They were ordinary men and women who liked to dress in exotic leather outfits and spank each other. Until, that is, one night last July, when Attleboro police raided their club. Suddenly they were the subject of titters, and of snickering Boston Herald headlines such as spank bust ripped as bum rap.
But “Paddleboro,” as the affair came to be known, was about something considerably more important than the dubious joys of sadomasochism. At root, it was about the right of people to participate in consensual sex, in private, without having to fear that police will burst in and arrest them.
Police patrolling a privately owned building stumbled across a reported 50 or so men and women with whips, chains, and other S&M toys. A Manhattan woman, Stefany Reed, was charged with assault and battery for spanking a woman with a wooden spatula. Ben Davis, a Hudson, New Hampshire, man suspected of running the $25-per-person party, was charged with assaulting a police officer, as well as with several other offenses that sound like something out of the 17th-century Puritan legal code, such as exhibiting or lending articles for self-abuse and keeping a house of ill fame for lewdness.
By all accounts, the woman on the receiving end of the spatula suffered nothing worse than some reddening of the skin — something she had, after all, requested. As ACLU of Massachusetts lawyer Sarah Wunsch told the Associated Press, “In general, voluntary sexual conduct between consenting adults is constitutionally protected activity — or should be.” Added lawyer John Ward, “If you take the sex out of it, what is the difference between this and boxing and other dangerous activities that people engage in all the time?”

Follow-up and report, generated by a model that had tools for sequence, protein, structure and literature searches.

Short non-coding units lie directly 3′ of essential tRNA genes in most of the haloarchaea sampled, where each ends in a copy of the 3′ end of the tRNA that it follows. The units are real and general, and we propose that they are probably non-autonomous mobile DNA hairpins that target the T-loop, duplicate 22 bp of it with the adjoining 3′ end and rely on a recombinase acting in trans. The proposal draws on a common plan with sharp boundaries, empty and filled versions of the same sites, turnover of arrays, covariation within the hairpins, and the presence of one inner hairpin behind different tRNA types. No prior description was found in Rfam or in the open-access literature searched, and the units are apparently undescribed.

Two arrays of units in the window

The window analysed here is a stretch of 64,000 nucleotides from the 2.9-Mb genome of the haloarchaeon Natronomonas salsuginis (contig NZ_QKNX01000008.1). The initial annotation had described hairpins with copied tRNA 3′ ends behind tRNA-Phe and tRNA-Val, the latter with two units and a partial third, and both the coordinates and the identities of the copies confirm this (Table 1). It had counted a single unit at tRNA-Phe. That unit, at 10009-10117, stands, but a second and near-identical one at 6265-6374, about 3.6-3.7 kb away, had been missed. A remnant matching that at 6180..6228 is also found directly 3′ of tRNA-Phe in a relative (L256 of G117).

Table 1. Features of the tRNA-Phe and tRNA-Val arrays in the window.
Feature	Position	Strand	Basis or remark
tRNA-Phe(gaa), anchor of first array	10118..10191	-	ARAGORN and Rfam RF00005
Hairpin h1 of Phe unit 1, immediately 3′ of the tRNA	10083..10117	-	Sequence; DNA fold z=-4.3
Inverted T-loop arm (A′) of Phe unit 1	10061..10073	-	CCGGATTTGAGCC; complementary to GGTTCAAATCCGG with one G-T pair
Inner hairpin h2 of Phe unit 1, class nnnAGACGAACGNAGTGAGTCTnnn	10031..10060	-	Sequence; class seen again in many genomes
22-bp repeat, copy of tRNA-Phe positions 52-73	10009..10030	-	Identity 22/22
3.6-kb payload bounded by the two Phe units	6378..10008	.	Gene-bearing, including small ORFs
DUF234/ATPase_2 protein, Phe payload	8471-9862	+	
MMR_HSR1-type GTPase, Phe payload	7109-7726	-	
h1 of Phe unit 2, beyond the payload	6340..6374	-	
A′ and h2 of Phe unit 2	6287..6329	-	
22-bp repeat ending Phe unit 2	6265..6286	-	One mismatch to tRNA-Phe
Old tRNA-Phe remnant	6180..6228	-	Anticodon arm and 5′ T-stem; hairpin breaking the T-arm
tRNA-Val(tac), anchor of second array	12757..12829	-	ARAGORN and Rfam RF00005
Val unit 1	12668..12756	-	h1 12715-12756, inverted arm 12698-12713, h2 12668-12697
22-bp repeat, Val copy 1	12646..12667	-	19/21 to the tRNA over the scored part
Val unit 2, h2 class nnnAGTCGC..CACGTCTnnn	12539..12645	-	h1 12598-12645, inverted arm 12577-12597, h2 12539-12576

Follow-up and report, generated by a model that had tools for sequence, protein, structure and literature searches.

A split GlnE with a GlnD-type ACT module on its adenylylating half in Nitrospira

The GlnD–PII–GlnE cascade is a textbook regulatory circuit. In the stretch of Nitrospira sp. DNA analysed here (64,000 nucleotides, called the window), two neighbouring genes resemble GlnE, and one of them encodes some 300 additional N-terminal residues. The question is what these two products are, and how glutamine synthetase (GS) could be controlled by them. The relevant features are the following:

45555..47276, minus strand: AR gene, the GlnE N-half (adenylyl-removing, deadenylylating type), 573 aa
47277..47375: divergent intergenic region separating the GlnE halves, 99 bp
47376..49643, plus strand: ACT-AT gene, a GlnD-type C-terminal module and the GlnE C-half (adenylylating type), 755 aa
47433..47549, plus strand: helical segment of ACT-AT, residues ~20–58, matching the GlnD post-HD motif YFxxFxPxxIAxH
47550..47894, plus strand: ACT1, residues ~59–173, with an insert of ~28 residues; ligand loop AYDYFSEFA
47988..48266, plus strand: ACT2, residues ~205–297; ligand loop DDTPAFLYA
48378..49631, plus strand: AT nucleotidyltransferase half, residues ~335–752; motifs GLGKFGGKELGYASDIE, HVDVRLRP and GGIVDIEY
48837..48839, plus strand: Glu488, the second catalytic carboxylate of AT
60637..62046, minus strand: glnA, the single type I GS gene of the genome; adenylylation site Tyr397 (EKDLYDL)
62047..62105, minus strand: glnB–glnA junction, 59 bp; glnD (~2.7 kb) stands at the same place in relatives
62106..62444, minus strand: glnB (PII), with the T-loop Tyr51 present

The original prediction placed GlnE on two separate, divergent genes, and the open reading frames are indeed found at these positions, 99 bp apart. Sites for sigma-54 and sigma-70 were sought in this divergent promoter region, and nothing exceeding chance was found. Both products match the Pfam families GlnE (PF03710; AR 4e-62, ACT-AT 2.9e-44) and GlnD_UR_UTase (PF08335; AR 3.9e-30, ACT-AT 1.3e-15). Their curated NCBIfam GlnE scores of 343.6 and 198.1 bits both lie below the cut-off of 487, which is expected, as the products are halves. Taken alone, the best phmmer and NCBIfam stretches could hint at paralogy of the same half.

But Attleboro police were unrepentant. And prosecutor Roger Ferris, in an interview with the Providence Journal, defended the arrests, contending that Davis had struck one of two cops who discovered the party while on a routine patrol of the building. “The assault gave them the right to go inside and make the arrest,” Ferris said.
Ferris’s comments, though, serve as little more than a convenient cover for a disturbing truth: once police had obtained entry, they used their presence to go after people whose idea of a good time did not jibe with the officers’ view of mainstream norms.
Numerous news reports pointed out that the club had operated for months without being detected, even though it was across the street from the Attleboro police station and a short distance from City Hall — further proof, if any were needed, that the S&M enthusiasts were not bothering anyone.
It’s time for the Attleboro police to get the message.
A Web site devoted to Ben Davis’s legal defense can be found at www.paddleboro.com.
Issue Date: June 28- July 5, 2001